The autistic student I work with a few hours a day can read, write and do math on his own. His behavior is tame compared to others. Of course his problem is socialization and I hate seeing him sit in the hallway alone playing his game boy before and during each class. We have had some good conversation this week about Zombie movies, Yu-Gi-Oh cards and Pokemon while we worked on Economics and Science where he is maintaining a B average in both classes.

He loses focus at times but I easily get him back on track when I say I won't listen unless he is doing and completes his work. He is an easy target for others to pick on him and get him wound up where he gets frustrated and mad. This is slowly going away in the two hours he is with me since I have talked to the main culprits. Most of the conversations have been civil and understanding, others have ... well these folks need a little more persuasion.

There are at least 25 students I encounter each day that requires my help in some way. Many are manipulative and others have to be pushed to do their work. However, what I am finding the most is they starve for adult attention, not as an authority or friend just someone who listens and cares about what they think.

On a side note I continue to read (Autism, IDEA, ADA etc.) observe and document so that I can be better each day.

More frequently I have thinking about what am I accomplishing, but I am confident this job is another foundational stepping stone for what is to come next.


My Yu-Gi-Oh student was out all last week and this week is catch-up. That is not an easy task with an Autistic Student but we are managing to finish his Economic Project and is catching up in Science. He has excellent teachers for both classes who work well with me and offer any assistance they can.

One Size Fits All?

One Size Fits All (OSFA) is a common teaching technique when it comes to teaching in the public schools. There may be different styles of teaching but the students are receiving the information in one format.
While I understand the need for OSFA because of over crowded classrooms and limited updated textbooks it still is not my favorite mode of teaching; it can be a disaster when trying to teach Autistic children in this manner.

I have witnessed countless attempts in Resource Rooms to gather all the autistic children (range from 1 - 4th grade) around a table and try to teach them reading, writing, math or just about anything. Am I blaming the teacher - NO, again like the regular classroom the Resource Rooms are crowded and under staffed. However, the Resource Room can adapt because there is usually no more than 4 autistic children around one table at a time. A skilled teacher can adjust his/her teaching style and mode of communication to four autistic children that need different techniques to learn. The use of visuals, computers, books, games, etc. can be done in parallel.

We all need to learn that Autism children have different needs based on their disability and that it is why it is called a "Spectrum." Trying to force feed them into one style will just not work. A Transformation is required for teaching Autistic Children both in the General Ed room and the Resource Room.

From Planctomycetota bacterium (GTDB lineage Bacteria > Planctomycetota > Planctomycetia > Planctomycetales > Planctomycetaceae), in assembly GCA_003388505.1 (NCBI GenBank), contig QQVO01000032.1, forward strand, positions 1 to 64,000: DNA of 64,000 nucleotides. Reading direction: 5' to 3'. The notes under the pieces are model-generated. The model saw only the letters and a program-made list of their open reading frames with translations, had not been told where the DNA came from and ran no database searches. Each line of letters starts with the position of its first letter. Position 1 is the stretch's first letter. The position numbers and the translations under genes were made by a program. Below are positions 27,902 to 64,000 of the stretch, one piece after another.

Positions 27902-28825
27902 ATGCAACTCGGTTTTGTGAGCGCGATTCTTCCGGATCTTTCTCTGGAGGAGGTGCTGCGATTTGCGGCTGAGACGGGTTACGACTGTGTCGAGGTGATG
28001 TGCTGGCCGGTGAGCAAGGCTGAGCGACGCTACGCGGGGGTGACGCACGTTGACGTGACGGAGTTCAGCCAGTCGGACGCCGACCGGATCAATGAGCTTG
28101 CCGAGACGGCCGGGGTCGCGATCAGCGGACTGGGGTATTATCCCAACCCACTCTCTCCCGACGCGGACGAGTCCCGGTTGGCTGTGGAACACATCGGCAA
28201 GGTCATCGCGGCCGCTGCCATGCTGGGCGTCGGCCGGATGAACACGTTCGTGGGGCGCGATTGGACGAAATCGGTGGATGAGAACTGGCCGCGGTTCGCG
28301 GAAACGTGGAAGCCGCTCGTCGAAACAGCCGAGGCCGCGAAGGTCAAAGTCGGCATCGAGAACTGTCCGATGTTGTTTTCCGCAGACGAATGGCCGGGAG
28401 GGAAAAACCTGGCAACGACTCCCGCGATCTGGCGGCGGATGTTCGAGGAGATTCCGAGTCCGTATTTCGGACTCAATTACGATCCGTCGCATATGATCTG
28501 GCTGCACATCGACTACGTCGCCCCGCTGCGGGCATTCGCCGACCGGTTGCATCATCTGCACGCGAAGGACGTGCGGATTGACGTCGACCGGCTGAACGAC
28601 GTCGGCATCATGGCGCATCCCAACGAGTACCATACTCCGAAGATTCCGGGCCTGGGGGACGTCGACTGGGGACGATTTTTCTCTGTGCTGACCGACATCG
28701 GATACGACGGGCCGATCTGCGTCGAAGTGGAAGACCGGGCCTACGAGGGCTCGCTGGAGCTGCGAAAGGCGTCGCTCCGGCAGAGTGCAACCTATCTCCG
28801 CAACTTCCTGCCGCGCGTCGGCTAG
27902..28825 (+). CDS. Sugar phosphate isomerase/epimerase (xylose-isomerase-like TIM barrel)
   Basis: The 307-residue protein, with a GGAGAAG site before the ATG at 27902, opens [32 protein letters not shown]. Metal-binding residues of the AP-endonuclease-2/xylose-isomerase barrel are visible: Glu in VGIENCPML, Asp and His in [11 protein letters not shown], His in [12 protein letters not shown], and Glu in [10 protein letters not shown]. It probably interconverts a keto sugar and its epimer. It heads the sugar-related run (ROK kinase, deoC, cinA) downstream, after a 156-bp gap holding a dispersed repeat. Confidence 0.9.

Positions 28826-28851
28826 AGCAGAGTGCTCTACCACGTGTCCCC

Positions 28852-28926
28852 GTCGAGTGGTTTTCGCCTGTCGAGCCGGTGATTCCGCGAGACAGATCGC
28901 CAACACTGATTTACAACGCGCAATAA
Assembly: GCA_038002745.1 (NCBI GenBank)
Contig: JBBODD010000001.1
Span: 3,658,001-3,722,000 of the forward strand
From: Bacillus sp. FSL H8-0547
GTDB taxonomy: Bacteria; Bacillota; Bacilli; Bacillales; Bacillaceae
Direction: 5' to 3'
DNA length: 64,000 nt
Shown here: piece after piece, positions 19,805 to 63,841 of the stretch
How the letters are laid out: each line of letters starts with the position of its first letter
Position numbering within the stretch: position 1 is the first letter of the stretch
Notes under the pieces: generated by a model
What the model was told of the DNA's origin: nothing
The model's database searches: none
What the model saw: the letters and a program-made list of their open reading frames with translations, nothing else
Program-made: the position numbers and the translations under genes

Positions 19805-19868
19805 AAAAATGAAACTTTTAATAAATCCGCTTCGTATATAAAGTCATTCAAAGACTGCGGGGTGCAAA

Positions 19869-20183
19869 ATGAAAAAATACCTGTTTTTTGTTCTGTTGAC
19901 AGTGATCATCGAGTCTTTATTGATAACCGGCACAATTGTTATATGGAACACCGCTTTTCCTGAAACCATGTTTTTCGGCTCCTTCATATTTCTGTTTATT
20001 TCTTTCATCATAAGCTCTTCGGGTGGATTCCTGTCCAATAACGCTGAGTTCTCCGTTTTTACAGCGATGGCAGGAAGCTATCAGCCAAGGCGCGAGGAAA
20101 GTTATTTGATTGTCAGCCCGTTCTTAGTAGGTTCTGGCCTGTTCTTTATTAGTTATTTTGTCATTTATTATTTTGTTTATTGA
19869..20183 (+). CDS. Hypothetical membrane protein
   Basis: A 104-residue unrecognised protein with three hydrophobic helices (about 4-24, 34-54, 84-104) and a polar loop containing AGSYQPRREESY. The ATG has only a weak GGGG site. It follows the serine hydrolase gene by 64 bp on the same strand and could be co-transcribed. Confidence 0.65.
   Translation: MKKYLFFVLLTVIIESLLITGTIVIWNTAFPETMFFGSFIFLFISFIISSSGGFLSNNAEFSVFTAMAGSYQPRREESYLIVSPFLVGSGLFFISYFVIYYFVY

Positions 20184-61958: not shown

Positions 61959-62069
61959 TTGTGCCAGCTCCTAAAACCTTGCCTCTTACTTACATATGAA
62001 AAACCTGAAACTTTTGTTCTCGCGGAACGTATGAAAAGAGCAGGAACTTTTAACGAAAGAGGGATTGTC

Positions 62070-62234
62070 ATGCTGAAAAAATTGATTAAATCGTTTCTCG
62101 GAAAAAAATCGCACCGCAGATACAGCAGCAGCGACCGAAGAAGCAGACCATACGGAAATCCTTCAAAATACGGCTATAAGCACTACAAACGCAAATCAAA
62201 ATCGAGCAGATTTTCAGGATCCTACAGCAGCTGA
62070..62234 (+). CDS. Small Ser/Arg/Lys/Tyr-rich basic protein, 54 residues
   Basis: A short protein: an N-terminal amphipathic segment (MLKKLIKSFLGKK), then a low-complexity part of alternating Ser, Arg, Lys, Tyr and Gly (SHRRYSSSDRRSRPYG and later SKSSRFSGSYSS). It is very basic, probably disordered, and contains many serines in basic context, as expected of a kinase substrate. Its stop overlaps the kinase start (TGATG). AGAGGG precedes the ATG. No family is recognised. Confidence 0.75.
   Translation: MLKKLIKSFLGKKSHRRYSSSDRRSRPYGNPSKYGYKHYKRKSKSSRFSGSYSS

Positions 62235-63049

Those children who are mainstreamed and have a one-on-one aide who understands them will adjust the work as the general Ed teacher is giving it. Special Education teacher need to do the same.

If you don't believe me that is OK because that may be the reason why I only got a 12-cent raise this year.

Updated 11/11/07

See special post on ASD and IQ scores at http://qualityg.blogspot.com/2007/11/does-low-iq-low-grade-learning-is-fun.html

Updated 12/21/07

It's been over a month since my last post. The students I work with continue to amaze and amuse me each day with their antics and episodes.

I am continuing my education on advocacy and special education laws. As I absorb the information I can only wonder if all school districts abuse the IEP meetings and other activities that most parents have no idea of what they are entitiled to under the law.

When I inquire why is it some students qualify for a one-on-aide and others do not (who really need one) the reponse always comes back to how much the parent complains or demands.

The students have all been geeked this week because of the two week Christmas break that starts tomorrow. I must admit I am ready too but I really will miss working with them.

Updated 1/25/08 - End of 1st Semester

Today was the last day of the 1st semester. It's been a great learning experience working with the students I do at the high school level. I will get a new schedule on Monday and it will be interesting to see how many new kids I will get to work with for the remainder of the year.

It has been a great contrast to jump from the elementary level to the high school level to see how Autism Inclusion is being handled. It's clearly obvious to me that those in high school have been shuffled along because of the lack of understanding and knowledge of the disability by Special Education Teachers.

For the remainder of the year I was hoping to work with or be able to identify some female students who have been miss diagnosed as to having some other disability other than autism. My limited study tells me there are more than is being reported. I see many of the characteristics in many of the females but one is led to believe they are shy or introverted.